- Amy R. Wong
Amy R. Wong, PhD
Amy teaches in a variety of areas, from literature and writing to Core, Honors, and Service-Learning courses. Her courses have covered such topics as nineteenth-century British literature, children’s literature, dystopian science fiction, literary monstrosity, critical media studies, reading popular media, the study of film and drama, fiction and poetry, and effective communication.
UCLA, PhD, English
Long Island University, MSc, Education
Harvard College, BA, History and Literature
Amy’s areas of research and expertise include Victorian literature and culture, media theory, critical race studies, postcolonial and anticolonial approaches to literature, Asian diasporic literature and psychoanalysis. Her book, Refiguring Speech: Late Victorian Fictions of Empire and the Poetics of Talk (Stanford University Press, 2023), examines how “failures” of speech in late Victorian stories of empire inadvertently disrupt seemingly self-evident truths about speech: that words originate in and belong to single bodies. By turning attention to an anticolonial poetics of “un-self possessed” speech, the book posits talk as an alternate model of communication that leaves behind colonialist proprietary logic, functioning instead through communal ownership and embeddedness within the material, social world.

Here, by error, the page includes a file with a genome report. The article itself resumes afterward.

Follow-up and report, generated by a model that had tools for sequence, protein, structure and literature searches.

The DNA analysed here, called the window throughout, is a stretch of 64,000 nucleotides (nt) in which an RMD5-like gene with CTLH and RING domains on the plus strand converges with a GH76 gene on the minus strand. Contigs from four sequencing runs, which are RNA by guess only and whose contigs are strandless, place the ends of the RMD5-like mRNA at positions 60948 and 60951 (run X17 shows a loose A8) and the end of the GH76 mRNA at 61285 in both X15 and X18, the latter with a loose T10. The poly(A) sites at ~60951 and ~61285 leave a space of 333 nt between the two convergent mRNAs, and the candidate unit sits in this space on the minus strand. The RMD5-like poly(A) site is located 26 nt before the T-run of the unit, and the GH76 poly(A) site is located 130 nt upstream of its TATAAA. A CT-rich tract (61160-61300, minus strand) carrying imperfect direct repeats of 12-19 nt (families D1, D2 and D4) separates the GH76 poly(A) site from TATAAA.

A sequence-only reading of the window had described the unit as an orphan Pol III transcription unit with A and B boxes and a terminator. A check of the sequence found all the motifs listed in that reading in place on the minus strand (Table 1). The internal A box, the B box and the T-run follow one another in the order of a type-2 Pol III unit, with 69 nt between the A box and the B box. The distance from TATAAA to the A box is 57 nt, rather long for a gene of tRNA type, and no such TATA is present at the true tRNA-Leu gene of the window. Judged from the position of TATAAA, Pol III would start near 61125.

Amy is also a co-editor of the recent special issue, “Undisciplining Victorian Studies” in Victorian Studies (with Ronjaunee Chatterjee and Alicia Mireles Christoff, 2020). She is currently working on another book on intersections between recent Asian diaspora history and psychoanalysis. Her other publications may be found or are forthcoming in Mediations, Narrative, Victorian Review, Victorian Literature and Culture, Modern Philology, SEL: Studies in English Literature, Studies in the Novel, Literature Compass, ASAP Journal, Post45, The Los Angeles Review of Books, and Public Books.